George Washington knew that trade between the Eastern seaboard and the West — beyond the Allegheny Mountains, where roughly a quarter of the U.S. population lived — was essential to the fledgling country’s economy. Using horses and wagon to carry goods and resources over land routes was rough and slow-going, not to mention an estimated 30 times more expensive than transportation by water. At first, Washington promoted improving the navigability of the Potomac. This proved to be unfeasible, and plans were made to build a canal that would connect the Chesapeake to the Ohio River, which led to the Chesapeake and Ohio Canal. The canal opened in 1850, but was gradually made obsolete by railroads. Its closed after a damaging flood in 1924. The towpath alongside the canal still exists at the Chesapeake and Ohio Canal National Historical Park, operated by the National Park Service. This quiz will test how much you know about the canal. Answers are below.

1. In the early 1800s, four horses pulling a wagon on the best roads could move 1.5 tons of goods 18 miles. How much payload could be expected from a canal boat in one day?
A. 25 tons, 20 miles
B. 50 tons, 22 miles
C. 100 tons, 24 miles
D. 150 tons, 26 miles

2. The Potomac was briefly considered as a water route, but ruled out. Why was the river not a good route for transferring goods, especially heavy ones, westward?
A. Shallows & dangerous rapids
B. The Potomac flows west to east.
C. Portages around Great Falls and Little Falls
D. All of the above

3. Building a canal may have been the brainchild of George Washington, but which president broke ground for the C&O Canal on July 4, 1828?
A. John Adams
B. John Quincy Adams
C. Thomas Jefferson
D. James Monroe

4. How much did it cost to build the canal?
A. About $10 million
B. About $14 million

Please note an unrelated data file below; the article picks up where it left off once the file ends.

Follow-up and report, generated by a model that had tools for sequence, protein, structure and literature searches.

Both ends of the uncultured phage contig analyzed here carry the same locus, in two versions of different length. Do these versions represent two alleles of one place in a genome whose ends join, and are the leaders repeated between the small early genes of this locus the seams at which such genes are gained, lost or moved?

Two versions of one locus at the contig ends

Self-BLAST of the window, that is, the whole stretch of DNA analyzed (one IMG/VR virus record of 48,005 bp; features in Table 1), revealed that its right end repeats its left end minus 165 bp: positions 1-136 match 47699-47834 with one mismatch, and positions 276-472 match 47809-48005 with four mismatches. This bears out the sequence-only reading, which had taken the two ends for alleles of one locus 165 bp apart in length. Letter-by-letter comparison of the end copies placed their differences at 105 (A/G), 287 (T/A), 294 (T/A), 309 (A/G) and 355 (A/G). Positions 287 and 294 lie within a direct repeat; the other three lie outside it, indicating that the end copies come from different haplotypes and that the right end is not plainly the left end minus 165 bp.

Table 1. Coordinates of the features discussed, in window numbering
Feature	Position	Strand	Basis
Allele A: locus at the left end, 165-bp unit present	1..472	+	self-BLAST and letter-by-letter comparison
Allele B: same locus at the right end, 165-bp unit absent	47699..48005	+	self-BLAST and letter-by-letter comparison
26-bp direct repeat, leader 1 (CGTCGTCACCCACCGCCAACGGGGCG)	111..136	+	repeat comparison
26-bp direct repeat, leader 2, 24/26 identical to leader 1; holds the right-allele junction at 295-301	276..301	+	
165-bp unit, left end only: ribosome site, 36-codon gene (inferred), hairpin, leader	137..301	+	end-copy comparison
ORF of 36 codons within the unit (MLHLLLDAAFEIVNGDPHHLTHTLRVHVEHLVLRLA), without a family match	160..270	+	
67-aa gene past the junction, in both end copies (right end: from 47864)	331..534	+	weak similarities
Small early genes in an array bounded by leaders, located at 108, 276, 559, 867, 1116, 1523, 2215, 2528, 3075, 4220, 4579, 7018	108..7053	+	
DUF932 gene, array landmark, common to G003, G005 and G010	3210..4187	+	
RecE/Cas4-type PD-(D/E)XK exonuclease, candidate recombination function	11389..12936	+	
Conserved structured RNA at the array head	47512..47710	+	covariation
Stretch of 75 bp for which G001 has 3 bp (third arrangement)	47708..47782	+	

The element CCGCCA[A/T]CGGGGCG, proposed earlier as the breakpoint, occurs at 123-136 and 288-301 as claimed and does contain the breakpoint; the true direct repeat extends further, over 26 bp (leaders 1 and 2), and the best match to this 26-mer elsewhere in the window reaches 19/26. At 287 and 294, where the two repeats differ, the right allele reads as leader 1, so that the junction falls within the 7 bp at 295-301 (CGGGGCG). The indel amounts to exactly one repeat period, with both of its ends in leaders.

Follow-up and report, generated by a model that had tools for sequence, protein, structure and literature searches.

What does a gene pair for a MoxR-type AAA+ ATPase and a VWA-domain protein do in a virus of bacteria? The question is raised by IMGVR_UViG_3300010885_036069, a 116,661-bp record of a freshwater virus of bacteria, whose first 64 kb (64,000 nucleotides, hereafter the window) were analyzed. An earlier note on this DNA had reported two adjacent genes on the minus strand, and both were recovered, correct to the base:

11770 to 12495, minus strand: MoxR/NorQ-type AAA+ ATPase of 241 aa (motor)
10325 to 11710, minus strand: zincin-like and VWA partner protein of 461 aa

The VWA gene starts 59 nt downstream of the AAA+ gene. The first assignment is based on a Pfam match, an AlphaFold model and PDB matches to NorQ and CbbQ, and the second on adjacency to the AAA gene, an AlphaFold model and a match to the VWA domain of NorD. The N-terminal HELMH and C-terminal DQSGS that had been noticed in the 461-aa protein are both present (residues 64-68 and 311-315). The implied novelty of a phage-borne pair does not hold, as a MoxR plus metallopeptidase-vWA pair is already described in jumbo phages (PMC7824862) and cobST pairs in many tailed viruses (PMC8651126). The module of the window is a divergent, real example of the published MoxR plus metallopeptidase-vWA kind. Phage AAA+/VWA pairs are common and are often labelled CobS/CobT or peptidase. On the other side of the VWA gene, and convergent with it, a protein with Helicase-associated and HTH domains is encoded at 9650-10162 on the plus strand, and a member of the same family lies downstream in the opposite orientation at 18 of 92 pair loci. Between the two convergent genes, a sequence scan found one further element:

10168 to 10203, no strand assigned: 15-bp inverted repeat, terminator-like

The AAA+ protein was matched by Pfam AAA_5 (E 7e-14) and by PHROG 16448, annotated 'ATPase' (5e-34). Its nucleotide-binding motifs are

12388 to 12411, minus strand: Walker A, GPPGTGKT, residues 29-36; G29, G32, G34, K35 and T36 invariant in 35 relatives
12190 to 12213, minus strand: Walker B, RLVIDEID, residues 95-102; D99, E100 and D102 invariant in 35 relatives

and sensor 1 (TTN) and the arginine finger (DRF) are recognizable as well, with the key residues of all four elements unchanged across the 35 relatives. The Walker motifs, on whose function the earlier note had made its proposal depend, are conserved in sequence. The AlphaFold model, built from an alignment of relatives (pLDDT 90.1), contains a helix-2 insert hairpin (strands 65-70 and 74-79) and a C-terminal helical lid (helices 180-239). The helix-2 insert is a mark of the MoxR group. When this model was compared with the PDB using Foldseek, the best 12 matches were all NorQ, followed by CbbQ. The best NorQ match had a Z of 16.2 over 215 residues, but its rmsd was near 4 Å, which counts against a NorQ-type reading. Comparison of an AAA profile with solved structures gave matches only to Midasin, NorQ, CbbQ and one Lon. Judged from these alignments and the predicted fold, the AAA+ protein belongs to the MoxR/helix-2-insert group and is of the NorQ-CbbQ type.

C. About $18 million
D. About $22 million

5. Original plans called for the canal to go all the way to the Ohio River in Pittsburgh. Acquiring property rights along the route, the rugged landscape and labor woes plagued the canal’s construction, though, and it ended far short of the Ohio. Where is the western end of the C&O Canal?
A. Cumberland, MD
B. Frostburg, MD
C. Harpers Ferry, WV
D. Martin’s Ferry, OH

6. How much elevation does the canal gain from east to west?
A. 512 feet
B. 605 feet
C. 710 feet
D. 820 feet

7. The C&O Canal is 184.5 miles long. About how many miles of the canal still contain water?
A. 10
B. 25
C. 40
D. 60

8. The canal’s towpath, once used by horses and mules to pull canal boats, is now the domain of hikers, bicyclists, joggers, families out for a stroll and wildlife watchers. Although its width has decreased in some places, how wide is the towpath?
A. 8 feet
B. 12 feet
C. 16 feet
D. 20 feet

9. When the canal had to cross waterways that were too wide to accommodate culverts, aqueducts were built to carry the canal over the stream or river. How many aqueducts were built for the canal?
A. 11
B. 17
C. 21
D. 25

10. Who or what is reported to haunt the so-called Haunted House Bend?
A. Union troops from the 1861 Battle of Balls Bluff who drowned when their boat capsized in the canal.
B. The wife and two children of a lock keeper who died when their home by the canal burned to the ground in 1888.
C. A dog.
D. A & C

 

ANSWERS

1. C  2. D  3. B  4. B  5. A  6. B 7. B  8. B  9. A  10. D